The former first daughter’s book is not just long, it is also dense, with at least 51 charts, maps and graphs, including one illustrating the global elimination of the Guinea worm and another titled “Common Types of Cancer in the U.S., 2015.” Despite the peppy title (and that exclamation mark!), Clinton’s first book (surely there will be more, given her parents’ prodigious bibliographies) is packed with data, tiny black-and-white pictures and dire warnings.
Think of it as the literary version of a sad trombone.
In a section intriguingly titled “Climate Change and Fun,” we learn that beaches are eroding, that changing snow patterns mean less skiing, and that lower river levels spell an end to kayaking. “Climate change is definitely un-fun,” Clinton writes. Yep, sure is.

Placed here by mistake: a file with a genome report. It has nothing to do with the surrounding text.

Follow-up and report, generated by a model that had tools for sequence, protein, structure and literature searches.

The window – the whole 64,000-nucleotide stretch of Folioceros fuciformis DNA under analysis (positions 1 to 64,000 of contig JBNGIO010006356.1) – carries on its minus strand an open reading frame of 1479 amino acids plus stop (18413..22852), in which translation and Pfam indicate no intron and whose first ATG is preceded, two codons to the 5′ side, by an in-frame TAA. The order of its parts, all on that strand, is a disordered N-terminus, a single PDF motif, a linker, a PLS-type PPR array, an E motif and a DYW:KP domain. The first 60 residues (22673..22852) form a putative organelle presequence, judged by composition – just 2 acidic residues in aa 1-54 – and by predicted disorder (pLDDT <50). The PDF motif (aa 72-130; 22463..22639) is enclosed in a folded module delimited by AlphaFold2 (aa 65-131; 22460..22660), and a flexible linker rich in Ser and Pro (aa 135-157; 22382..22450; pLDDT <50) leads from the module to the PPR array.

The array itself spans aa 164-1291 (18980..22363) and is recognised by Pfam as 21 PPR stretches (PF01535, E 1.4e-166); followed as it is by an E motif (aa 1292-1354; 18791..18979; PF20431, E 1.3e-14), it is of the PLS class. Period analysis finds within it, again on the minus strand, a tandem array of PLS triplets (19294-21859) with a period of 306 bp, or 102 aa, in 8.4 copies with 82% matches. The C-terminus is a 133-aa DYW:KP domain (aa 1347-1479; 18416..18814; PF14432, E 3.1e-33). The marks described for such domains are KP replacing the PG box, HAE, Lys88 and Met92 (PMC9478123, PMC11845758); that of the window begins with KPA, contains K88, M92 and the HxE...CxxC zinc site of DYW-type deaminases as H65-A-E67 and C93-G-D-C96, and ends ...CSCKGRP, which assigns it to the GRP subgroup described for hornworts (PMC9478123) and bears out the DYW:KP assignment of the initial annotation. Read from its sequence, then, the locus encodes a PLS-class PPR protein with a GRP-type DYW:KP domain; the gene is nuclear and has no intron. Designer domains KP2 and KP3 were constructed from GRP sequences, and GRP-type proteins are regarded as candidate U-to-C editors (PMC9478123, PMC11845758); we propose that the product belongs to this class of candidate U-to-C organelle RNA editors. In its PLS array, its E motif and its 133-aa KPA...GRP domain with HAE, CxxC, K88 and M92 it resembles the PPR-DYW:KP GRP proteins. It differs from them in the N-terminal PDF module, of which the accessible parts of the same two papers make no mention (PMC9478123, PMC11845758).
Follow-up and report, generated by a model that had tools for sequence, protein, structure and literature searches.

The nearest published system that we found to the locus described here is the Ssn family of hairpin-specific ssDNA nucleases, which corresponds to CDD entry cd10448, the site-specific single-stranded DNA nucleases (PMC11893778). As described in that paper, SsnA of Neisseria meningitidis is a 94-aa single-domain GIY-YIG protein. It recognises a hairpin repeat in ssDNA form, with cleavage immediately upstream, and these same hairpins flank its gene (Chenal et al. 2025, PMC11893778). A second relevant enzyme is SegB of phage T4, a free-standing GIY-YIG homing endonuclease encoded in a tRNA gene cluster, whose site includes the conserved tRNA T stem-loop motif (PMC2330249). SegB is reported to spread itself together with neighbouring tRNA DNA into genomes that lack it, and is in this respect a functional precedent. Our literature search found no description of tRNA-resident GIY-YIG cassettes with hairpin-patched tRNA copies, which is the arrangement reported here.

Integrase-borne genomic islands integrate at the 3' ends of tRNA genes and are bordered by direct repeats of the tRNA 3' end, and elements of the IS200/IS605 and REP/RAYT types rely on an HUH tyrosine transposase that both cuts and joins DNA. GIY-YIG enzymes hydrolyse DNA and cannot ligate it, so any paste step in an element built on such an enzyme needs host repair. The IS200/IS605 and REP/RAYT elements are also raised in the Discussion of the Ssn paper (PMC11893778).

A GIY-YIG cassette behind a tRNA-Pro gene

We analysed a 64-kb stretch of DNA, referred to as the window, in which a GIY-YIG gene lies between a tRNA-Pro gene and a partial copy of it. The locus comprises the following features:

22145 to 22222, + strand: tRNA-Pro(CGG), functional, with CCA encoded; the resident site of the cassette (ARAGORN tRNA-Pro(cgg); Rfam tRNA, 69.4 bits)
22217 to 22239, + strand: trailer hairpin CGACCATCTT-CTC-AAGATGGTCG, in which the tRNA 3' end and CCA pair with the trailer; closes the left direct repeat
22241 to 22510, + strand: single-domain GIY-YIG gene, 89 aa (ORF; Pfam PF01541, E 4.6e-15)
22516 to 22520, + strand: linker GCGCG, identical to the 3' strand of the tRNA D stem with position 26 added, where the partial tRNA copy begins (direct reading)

She makes an effort to come off as relatable (hey, she liked sugary cereals and Nancy Drew books as a kid, just like her readers!), but it seems she wrote a book for her younger self, the one who wrote an eighth-grade science report on the Madagascar periwinkle plant and, at age 5, wrote a letter to President Ronald Reagan opposing his visit to a Nazi cemetery in Germany. No one has ever accused the multiple-degreed daughter of former president Bill Clinton and current Democratic presidential candidate Hillary Clinton of being a lightweight — or much of a cut-up.
In an interview with the Chicago Tribune, Clinton says the weighty tone was intentional — it’s what the kids really want, she thinks. Clinton says her conversations with young people have revealed “how much more engaged they are in the world than I think adults think they are, and how much kids really do want to be treated seriously, particularly when talking about what they recognize are serious issues.”